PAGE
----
The Pioneer Institute released a white paper this week that has drawn interest from educational professionals. This paper, Lowering the Bar: How Common Core Math Fails to Prepare High School Students for STEM, authored by R. James Milgram and Sandra Stotsky criticizes the CCSS math standards for not being rigorous enough. At this point some educators and parents may be laughing at such a concept. The Common Core has been put out as deeper and more challenging- how then can it be a lowering of the bar? I think it comes down to a central question- What is the purpose of the CCSS and the assessments that go with them?

For a long time the standards and assessments have suffered from a spilt personality. They are to raise standards, which implies that fewer people will be able to successfully achieve them. They are to create a minimum bar across which every student must be able to leap. They are to increase employability of our graduates. They are to increase the number of students attending college. They are to measure the success of our schools. Recently we added they are to measure the success of our teachers. While these issues are all related, they are different and no single instrument could possibly accurately do them all well.

Milgram and Stotsky both were members of the CCSS Validation Committee and both refused to sign off on the official report of the Committee. Their letters describing their reasons for not signing off on the document may be accessed through the report linked to above.

The first concern is what is college readiness. Apparently it means not top tier schools and not STEM fields. I think that it can easily be argued that preparing all students to enter STEM fields or top tier schools is at best improbable and at worst an indefensible use of education. Only a small percentage of students will attend universities meeting either of these descriptions. Although we might wish it otherwise, this is the case. The number of STEM jobs are increasing, but so too is the competition for those jobs on the international marketplace. It is not just enough to be an engineer, you have to be in the top 50 percentile of engineers. If not your job prospects are very limited. Yes, we need more STEM trained individuals, but not any individual will be successful in a STEM career. Top tier schools will always be selective because they can be- it is part of what makes them top tier. They are not going to accept more students because of CCSS.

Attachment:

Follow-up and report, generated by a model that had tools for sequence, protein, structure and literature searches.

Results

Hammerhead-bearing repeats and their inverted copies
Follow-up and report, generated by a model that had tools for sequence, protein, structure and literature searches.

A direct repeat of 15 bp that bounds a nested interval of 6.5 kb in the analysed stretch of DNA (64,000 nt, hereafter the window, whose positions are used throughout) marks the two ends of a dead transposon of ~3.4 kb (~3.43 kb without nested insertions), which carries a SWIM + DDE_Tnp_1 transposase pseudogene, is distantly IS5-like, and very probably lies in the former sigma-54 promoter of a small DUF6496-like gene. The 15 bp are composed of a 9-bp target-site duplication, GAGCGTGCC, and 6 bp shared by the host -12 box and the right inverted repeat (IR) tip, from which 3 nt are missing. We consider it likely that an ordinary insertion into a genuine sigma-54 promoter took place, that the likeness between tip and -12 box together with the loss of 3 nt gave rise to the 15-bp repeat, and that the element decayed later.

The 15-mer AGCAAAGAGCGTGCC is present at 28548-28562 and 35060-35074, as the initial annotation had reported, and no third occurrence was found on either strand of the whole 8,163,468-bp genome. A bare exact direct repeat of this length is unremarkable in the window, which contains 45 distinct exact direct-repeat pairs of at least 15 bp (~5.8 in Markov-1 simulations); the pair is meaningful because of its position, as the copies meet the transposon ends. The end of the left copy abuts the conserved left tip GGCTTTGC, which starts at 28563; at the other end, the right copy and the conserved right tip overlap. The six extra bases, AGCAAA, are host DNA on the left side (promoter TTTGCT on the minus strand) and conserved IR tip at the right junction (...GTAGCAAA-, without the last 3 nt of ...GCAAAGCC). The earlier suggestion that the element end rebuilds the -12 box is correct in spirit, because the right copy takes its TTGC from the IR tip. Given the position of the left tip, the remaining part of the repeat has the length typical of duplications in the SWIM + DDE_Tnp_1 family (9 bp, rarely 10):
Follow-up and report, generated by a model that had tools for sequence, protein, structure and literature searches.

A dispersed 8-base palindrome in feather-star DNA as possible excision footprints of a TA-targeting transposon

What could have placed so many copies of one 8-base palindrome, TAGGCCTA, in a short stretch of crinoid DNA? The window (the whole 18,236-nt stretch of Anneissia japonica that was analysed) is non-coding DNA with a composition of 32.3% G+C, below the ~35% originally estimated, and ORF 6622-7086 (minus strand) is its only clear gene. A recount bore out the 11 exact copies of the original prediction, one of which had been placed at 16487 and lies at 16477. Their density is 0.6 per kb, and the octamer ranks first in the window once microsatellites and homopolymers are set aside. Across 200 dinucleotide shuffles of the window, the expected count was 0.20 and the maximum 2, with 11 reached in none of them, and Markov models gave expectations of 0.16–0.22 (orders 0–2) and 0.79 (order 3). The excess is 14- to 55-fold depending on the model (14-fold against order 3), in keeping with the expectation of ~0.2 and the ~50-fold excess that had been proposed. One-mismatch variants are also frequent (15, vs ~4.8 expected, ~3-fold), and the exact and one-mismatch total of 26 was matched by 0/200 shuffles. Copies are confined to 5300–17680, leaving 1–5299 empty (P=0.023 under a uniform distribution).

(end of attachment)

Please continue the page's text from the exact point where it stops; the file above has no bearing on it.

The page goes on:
The average adult is far more likely to need to understand statistics than algebra 2 in going about their life. Read the newspaper and statistics like mean and median and graph reading abound. We do not ask readers to compute anything or understand the underlying math and science behind surveying land, determining the effectiveness of medications or explaining the speed of the internet. Most college degrees do not require more than a rudimentary level of math training. Let us teach math to have practical value- budgeting anyone? and to help us with daily life- I need to halve this recipe that includes fractions.

Students definitely need access to higher level math classes even if they are not required by the CCSS. They need to be encouraged to take complex classes because they teach the mind to think deeply. They should not be penalized for not being able to solve matrix algebra or trigonometric proofs by not being able to graduate. Further, pushing more students into algebra at younger ages has been demonstrated to reduce the number of students electing to take higher level math classes. (See research here.)  If we want to have more students succeed in math, we need to offer more options- slower classes for some who need more processing time, faster classes for some who intuitively "get" math, and classes that demonstrate real world uses of the basic math that we can use on a daily basis for students who are disengaged from math. Schools should not be saying the CCSS does not require it, so we will not teach these upper level math classes. I don't think they will drop the offerings that they have. With the advent of blended and online classes, more options are available at the upper end than ever before. We need to push students to push themselves into these options.

While the CCSS do not present an adequate background for some post high school options, they do present a background for most. We cannot ignore the weakness of the CCSS, but that does not mean the entire body of work needs to be thrown out. Students cannot be told in either words or in implication that CCSS are enough for all, but that they present a foundation for further learning that should never stop. Yes, the bar is not high enough for some and is more rigid than is probably good for many, but it is the bar we currently need to deal with.